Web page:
Culture of Fishing

All three coasts in Canada – east, west and north – have strong traditional fisheries. First Nations and Inuit peoples fished everything from shrimp to whales, while the first European settlers focused on Atlantic cod and other groundfish including halibut, haddock, and pollock.

The Atlantic economy was traditionally linked to fishing, shipbuilding, and trading, often based in small, widely spread rural areas. On the Pacific coast, salmon was the dominant catch, and fish harvesters established themselves in both rural areas and major centres such as Vancouver, Victoria, Nanaimo, and Prince Rupert. West coast harvesters formed organizations more quickly than on the Atlantic, and therefore had greater influence on prices and regulations. West cost incomes quickly surpassed those on the Atlantic, and community development reflected this.

By the 1960s and 1970s, large-trawler companies dominated the Atlantic coast fishery. Factory freezer trawlers congregating outside the three-mile limit led to demands for a 200-mile limit, which sharply curtailed foreign fishing. Despite this, Atlantic groundfish stocks crashed in the early 1990s, apparently from overfishing and environmental factors.

In British Columbia in the 1990s, a combination of factors including fishing pressure, oceanic changes, and habitat degradation led to drastic drop in salmon catches. Government programs and policies nearly halved the Pacific fleet, and most of the major salmon canneries closed. Communities dependent on the canneries and other support industries to the fishery faced major economic decline.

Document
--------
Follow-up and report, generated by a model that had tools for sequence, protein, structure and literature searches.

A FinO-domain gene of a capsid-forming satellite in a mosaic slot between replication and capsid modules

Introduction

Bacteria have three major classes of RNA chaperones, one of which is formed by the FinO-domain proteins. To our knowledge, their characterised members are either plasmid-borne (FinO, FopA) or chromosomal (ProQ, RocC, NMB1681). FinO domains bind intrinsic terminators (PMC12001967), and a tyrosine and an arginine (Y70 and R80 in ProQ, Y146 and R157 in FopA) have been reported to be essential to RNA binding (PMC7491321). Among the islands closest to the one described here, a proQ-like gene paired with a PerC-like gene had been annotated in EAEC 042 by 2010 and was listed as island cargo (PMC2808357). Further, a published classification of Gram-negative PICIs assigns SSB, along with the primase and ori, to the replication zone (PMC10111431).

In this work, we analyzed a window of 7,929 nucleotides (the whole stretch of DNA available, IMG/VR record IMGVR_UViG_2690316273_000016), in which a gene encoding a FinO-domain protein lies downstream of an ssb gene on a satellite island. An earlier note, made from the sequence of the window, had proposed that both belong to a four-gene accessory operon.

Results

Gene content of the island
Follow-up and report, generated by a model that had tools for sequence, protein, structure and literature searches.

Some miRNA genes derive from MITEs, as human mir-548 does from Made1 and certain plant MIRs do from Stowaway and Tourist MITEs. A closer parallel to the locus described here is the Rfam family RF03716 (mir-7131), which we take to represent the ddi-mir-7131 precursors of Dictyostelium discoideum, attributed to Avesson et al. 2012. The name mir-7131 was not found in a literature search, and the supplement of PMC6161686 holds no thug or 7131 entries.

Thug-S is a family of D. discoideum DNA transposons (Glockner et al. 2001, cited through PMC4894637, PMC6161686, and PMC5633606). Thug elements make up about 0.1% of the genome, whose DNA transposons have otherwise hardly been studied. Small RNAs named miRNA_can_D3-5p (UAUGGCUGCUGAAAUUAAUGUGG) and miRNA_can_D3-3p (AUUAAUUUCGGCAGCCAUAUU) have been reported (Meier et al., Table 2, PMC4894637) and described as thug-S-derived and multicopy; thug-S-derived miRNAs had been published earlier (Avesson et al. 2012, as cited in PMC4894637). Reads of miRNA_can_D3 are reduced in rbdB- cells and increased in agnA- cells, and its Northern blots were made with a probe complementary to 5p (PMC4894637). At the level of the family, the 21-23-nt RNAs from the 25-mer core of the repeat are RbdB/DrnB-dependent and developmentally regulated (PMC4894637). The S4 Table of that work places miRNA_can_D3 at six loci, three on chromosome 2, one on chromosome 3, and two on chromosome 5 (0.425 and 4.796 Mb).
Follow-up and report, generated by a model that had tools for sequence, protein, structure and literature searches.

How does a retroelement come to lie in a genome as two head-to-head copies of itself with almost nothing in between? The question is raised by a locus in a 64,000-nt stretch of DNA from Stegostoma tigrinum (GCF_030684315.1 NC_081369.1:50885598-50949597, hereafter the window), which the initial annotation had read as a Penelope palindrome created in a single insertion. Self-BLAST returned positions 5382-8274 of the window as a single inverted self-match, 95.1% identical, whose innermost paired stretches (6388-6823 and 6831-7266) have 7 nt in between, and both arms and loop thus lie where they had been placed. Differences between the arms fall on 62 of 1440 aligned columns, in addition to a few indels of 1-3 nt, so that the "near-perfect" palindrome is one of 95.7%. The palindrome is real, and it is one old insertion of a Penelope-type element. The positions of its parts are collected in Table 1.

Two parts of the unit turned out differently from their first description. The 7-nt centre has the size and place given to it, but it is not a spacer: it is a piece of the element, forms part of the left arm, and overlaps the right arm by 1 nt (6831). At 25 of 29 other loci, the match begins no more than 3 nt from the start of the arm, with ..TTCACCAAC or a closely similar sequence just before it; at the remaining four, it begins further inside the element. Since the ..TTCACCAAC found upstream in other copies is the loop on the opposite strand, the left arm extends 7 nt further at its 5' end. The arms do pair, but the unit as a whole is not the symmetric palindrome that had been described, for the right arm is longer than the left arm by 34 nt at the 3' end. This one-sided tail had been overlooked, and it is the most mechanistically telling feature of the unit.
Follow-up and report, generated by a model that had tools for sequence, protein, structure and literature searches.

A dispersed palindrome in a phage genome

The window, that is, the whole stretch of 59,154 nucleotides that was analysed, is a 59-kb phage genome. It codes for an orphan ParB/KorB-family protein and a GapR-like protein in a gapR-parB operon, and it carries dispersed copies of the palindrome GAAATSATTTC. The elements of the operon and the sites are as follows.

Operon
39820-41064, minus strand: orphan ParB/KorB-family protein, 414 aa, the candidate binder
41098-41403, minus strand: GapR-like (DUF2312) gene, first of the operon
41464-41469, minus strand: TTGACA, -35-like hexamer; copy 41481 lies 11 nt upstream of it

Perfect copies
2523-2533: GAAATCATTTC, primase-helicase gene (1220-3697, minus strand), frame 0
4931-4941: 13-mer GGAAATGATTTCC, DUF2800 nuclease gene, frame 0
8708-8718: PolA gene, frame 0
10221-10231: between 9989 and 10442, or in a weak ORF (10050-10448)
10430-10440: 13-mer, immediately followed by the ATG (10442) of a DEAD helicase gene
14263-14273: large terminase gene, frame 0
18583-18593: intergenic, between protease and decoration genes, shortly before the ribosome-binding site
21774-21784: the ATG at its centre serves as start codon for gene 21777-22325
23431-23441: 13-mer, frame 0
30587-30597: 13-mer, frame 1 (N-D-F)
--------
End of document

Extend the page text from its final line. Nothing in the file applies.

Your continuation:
Diversification and a more entrepreneurial, less industrial model grew out of the fishery decline.

On the Atlantic, the industry became better suited to the remaining resources: with fewer groundfish, shellfish became a more substantial catch. Some communities have incorporated more mechanized and technological methods of harvesting and processing, or transitioned partially or entirely to new economic base industries. Many coastal communities are well-positioned tourist destinations, or have attracted new businesses and community groups with restored and refurbished historic buildings which no longer serve their traditional use.

Common Good Solutions
Yukon Troutfitters
Ullulaq Inuit Arts Gallery and Heritage Centre
Dänojà Zho Cultural Centre
Brigus Lookout
New Uses for Old Places